Video games can be places to bury identity or build on it, erase it or embroider it. Asian American Arcade, the new exhibition at the Wing Luke Museum, is a chance to consider the options, and to consider which options are missing from the code.
Take Calvin and Hellen's Bogus Journey, a parody of the classic side-scrolling fighting game Double Dragon from the 1980s, by indie gamer Derek Yu and zine illustrators Calvin Wong and Hellen Jo. Avatars for Wong and Jo (a real-life couple) are fighting an onslaught of naked Mohawked guys in a world that looks like a cross between Sesame Street, Henry Darger's "Realms of the Unreal," and Max Ernst's surrealism.
If there is any way to win at this game, surely it's only by reading it like a poem, decoding the charismatic/absurdist parade floating by. You are left to imagine for yourself what powers could possibly be gained by suddenly acquiring the visage of, say, a blowfish or a bloody-stumped evil ghost girl.
In The Cat and the Coup, by Peter Brinson and Kurosh ValaNejad, somebody dies in the course of the game: its central character, Mohammad Mossadegh. To be more specific, he starts out dead and comes back to life to replay his story, and history. Mossadegh is the democratically elected Iranian prime minister who supported the nationalization of the oil industry and was ousted in 1953 in the CIA-backed coup that installed the Shah.
In the game, you play as his cat. At the end, Mossadegh floats to his death on a cloud/wave of oil. He's going to die no matter what you do, but in his last days, you get to navigate a seriously pleasurable landscape that combines collage, Persian and Indian miniature painting styles, and comics. You'll miss him all the more.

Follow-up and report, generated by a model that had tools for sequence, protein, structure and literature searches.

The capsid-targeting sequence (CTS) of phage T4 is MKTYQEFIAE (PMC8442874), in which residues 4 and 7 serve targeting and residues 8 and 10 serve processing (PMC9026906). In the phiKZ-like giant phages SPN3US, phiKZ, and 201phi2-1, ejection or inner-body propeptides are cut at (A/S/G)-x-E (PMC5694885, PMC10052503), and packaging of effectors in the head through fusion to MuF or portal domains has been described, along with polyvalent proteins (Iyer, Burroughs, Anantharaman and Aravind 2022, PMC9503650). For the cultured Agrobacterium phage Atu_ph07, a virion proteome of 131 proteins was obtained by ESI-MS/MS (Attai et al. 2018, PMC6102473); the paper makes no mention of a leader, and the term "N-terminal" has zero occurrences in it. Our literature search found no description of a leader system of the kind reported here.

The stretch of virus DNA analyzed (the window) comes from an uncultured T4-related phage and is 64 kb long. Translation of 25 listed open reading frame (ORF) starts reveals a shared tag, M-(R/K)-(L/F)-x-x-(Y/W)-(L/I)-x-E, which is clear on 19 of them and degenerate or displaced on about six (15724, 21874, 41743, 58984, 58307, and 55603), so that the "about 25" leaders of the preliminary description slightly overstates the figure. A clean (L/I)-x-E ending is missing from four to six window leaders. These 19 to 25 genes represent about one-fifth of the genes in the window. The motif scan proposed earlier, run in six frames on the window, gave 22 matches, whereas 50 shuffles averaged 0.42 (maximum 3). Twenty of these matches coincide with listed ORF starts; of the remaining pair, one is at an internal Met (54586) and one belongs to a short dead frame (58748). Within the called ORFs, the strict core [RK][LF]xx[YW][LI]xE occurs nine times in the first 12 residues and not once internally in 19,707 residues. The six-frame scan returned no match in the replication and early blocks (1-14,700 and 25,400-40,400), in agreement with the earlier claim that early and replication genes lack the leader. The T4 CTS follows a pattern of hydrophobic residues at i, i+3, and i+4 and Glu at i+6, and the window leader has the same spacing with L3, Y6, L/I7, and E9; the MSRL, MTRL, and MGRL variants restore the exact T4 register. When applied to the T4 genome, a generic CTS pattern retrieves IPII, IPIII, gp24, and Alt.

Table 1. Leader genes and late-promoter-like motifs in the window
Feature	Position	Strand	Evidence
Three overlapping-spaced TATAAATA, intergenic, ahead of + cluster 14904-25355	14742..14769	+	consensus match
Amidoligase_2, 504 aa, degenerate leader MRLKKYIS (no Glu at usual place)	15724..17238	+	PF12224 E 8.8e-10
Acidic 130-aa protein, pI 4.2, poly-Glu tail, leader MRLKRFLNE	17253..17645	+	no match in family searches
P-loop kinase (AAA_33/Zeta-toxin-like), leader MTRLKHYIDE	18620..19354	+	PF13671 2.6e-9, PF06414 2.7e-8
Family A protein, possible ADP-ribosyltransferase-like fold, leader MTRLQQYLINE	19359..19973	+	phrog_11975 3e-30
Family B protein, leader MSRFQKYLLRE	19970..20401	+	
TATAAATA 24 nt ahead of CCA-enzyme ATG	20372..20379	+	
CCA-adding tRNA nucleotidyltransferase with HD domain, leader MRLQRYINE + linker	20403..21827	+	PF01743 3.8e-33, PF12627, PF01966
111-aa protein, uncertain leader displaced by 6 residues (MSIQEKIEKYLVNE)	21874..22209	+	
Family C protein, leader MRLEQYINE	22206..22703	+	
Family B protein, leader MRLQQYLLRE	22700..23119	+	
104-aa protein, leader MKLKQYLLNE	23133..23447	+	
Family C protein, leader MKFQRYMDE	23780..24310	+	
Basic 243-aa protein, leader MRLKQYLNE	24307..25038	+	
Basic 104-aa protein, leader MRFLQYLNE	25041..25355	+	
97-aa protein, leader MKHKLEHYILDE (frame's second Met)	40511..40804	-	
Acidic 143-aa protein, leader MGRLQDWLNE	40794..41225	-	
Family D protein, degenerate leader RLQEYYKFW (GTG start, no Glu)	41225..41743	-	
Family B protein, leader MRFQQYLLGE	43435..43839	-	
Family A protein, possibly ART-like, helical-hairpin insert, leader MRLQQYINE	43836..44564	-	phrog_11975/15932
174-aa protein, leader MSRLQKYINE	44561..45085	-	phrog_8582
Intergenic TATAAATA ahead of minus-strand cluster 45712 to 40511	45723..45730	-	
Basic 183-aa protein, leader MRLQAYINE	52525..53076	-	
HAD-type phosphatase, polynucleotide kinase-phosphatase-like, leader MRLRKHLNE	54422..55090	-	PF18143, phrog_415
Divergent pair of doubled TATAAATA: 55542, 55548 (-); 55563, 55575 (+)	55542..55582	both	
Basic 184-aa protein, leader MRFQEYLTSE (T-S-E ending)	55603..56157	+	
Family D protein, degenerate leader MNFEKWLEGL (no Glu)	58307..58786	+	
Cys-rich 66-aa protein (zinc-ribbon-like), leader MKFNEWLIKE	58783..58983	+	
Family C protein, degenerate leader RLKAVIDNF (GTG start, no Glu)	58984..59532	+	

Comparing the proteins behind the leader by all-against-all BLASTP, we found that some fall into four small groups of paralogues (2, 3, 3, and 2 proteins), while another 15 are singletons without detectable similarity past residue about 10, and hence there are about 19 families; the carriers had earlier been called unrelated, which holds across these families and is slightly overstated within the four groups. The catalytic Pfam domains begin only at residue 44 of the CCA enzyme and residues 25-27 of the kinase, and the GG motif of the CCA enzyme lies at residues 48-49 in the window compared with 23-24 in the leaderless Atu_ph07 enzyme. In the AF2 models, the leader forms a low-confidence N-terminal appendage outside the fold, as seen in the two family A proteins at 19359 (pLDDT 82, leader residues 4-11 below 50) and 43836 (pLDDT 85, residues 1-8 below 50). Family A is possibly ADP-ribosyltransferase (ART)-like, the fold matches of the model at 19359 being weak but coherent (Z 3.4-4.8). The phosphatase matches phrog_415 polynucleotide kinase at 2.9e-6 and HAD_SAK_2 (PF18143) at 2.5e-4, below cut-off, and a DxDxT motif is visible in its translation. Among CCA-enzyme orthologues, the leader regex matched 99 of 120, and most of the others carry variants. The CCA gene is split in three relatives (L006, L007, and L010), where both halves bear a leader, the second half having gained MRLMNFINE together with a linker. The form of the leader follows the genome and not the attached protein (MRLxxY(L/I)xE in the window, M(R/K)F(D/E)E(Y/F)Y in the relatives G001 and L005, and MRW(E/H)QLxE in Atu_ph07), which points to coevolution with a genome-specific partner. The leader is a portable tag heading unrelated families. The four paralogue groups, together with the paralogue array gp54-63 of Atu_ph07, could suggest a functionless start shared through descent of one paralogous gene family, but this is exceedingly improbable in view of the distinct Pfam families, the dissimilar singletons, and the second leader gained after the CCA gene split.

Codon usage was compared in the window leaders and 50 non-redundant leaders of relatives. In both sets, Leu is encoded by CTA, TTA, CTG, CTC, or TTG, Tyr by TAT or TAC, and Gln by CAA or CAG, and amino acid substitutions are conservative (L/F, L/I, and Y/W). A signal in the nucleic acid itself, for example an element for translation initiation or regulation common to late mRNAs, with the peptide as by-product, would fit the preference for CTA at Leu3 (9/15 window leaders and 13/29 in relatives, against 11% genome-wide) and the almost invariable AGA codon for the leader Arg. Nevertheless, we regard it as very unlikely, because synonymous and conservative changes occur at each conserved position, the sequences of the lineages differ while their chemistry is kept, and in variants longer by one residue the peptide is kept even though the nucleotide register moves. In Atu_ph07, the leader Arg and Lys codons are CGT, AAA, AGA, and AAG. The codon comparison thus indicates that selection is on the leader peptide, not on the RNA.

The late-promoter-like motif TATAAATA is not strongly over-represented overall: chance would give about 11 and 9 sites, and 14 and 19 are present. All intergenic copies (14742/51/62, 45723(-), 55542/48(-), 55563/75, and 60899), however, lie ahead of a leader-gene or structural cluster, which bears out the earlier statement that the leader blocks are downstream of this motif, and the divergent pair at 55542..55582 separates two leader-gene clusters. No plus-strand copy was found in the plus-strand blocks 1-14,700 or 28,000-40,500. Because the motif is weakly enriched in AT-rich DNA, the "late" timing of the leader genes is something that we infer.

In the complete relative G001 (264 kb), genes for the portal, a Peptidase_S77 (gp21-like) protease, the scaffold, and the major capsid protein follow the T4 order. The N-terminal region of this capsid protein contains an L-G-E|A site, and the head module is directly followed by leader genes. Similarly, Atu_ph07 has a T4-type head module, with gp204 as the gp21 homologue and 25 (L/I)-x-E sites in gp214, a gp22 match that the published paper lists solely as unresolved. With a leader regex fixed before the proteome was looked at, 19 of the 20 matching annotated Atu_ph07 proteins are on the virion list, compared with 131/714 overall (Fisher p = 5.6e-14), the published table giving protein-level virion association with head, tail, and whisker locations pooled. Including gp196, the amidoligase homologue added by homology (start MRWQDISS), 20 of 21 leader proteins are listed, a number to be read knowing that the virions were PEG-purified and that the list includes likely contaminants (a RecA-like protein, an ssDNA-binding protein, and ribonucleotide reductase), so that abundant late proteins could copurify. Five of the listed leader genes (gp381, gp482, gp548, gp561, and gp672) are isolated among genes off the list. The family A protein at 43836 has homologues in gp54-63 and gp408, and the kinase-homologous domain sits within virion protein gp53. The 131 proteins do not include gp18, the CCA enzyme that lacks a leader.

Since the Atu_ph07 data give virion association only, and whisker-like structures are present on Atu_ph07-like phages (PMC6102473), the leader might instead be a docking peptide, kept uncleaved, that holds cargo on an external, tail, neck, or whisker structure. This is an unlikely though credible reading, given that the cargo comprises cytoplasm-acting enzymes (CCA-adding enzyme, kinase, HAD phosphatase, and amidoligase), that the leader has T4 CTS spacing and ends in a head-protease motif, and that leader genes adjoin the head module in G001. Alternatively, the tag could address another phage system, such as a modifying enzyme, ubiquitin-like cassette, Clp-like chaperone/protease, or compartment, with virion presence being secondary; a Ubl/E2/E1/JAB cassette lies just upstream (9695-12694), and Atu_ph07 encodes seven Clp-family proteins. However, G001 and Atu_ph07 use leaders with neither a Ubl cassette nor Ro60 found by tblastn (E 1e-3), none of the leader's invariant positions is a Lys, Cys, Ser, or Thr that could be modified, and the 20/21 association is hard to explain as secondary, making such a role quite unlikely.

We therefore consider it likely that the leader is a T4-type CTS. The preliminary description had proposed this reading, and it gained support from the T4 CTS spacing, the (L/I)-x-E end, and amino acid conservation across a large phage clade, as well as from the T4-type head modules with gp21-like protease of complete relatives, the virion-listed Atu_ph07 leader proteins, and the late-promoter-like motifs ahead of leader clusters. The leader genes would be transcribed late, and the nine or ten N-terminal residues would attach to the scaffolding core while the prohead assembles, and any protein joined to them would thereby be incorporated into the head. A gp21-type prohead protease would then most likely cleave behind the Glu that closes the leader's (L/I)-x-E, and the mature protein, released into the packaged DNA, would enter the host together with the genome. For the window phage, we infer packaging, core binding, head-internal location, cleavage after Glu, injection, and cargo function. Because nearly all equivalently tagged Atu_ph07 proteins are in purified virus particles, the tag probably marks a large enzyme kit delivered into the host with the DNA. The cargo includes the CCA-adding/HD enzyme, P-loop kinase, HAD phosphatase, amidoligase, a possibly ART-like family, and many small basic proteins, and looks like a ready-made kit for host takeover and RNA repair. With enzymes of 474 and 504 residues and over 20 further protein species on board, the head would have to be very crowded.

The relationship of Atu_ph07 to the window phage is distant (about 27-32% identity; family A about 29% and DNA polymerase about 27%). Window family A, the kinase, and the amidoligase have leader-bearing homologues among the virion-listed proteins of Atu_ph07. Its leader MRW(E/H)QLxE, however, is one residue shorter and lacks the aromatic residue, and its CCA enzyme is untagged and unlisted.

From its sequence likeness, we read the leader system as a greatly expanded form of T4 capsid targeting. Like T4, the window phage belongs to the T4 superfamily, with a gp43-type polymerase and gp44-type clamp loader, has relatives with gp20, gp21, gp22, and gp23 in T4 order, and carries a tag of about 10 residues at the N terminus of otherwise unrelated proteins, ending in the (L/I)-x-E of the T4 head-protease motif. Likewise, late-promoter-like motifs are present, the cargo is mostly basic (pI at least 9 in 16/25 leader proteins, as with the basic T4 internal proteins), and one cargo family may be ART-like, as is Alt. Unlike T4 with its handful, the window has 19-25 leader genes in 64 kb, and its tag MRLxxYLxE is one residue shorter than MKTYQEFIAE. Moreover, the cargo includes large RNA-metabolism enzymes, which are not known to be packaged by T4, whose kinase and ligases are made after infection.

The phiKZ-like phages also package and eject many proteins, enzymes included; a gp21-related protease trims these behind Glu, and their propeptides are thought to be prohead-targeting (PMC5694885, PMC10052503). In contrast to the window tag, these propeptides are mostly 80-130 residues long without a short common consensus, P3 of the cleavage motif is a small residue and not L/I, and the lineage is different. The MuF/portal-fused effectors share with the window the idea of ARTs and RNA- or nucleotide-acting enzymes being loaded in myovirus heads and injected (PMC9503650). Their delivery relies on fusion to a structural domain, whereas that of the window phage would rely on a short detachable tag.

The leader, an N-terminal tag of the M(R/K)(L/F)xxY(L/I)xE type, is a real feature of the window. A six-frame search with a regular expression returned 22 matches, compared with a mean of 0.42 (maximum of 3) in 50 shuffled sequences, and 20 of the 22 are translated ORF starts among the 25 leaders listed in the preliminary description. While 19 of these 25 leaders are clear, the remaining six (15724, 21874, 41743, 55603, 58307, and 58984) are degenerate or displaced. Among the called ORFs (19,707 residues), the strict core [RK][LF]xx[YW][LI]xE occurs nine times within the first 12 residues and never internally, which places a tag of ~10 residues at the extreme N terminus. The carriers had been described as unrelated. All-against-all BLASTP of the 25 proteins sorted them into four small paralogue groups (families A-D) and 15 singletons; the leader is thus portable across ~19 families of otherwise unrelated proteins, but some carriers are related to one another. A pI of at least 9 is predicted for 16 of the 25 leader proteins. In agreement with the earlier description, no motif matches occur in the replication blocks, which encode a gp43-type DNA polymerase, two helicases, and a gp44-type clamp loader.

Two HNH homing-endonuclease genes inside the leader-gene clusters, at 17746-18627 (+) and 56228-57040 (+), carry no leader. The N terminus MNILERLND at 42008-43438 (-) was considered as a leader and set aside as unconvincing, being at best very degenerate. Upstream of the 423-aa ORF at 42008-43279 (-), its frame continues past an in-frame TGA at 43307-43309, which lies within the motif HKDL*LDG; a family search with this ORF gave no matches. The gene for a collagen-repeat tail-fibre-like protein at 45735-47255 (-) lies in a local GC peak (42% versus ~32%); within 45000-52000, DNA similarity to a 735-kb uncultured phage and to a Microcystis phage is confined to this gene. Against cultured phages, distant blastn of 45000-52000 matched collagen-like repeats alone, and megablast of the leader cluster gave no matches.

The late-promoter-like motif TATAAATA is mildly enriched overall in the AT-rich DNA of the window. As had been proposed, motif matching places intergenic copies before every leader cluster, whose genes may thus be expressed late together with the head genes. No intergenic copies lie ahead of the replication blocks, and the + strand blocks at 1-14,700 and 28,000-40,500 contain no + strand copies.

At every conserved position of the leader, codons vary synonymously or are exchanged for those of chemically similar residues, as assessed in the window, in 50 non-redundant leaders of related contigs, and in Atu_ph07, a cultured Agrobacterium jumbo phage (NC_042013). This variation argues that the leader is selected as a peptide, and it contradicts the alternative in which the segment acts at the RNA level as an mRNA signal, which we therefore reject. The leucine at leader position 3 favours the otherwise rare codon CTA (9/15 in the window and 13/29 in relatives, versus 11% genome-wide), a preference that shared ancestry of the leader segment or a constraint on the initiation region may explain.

Asian American Arcade is not just playable games, it's also two-dimensional artworks, original panels from graphic novels, and a documentary film called Gold Farmers (by Ge Jin). The movie is about a mind-boggling shadow industry in which Americans pay Chinese workers for video-game characters that have already been played at the lower levels and now come stocked with privileges and extra lives, wealth, weapons, and power. Gold farming easily becomes a metaphor for nonvirtual global labor systems that reinforce racial stereotypes. "Get the goddamn Chinese out of this game," one commenter wrote on a World of Warcraft message board, to a chorus of positive responses that echoed the anti-Chinese sentiments of the 19th-century railroad-building American West.
But gaming is of course a world of unprecedented freedom and imaginative projection, too. A striking triptych of paintings by Jonathan Wakuda Fischer combines industrial, ukiyo-e, and street-art motifs. Running up the side of each painting is a row of button combinations referencing cheat codes—codes that can be entered to gain power or control in a game. The three paintings are versions of each other, variations within repetitions. The same Japanese woman wearing an elaborate kimono and holding a controller in her hands gains a different headdress with each different code. She looks basically the same across the three paintings. But the more you look at her, the more you see how much she can change despite the rules.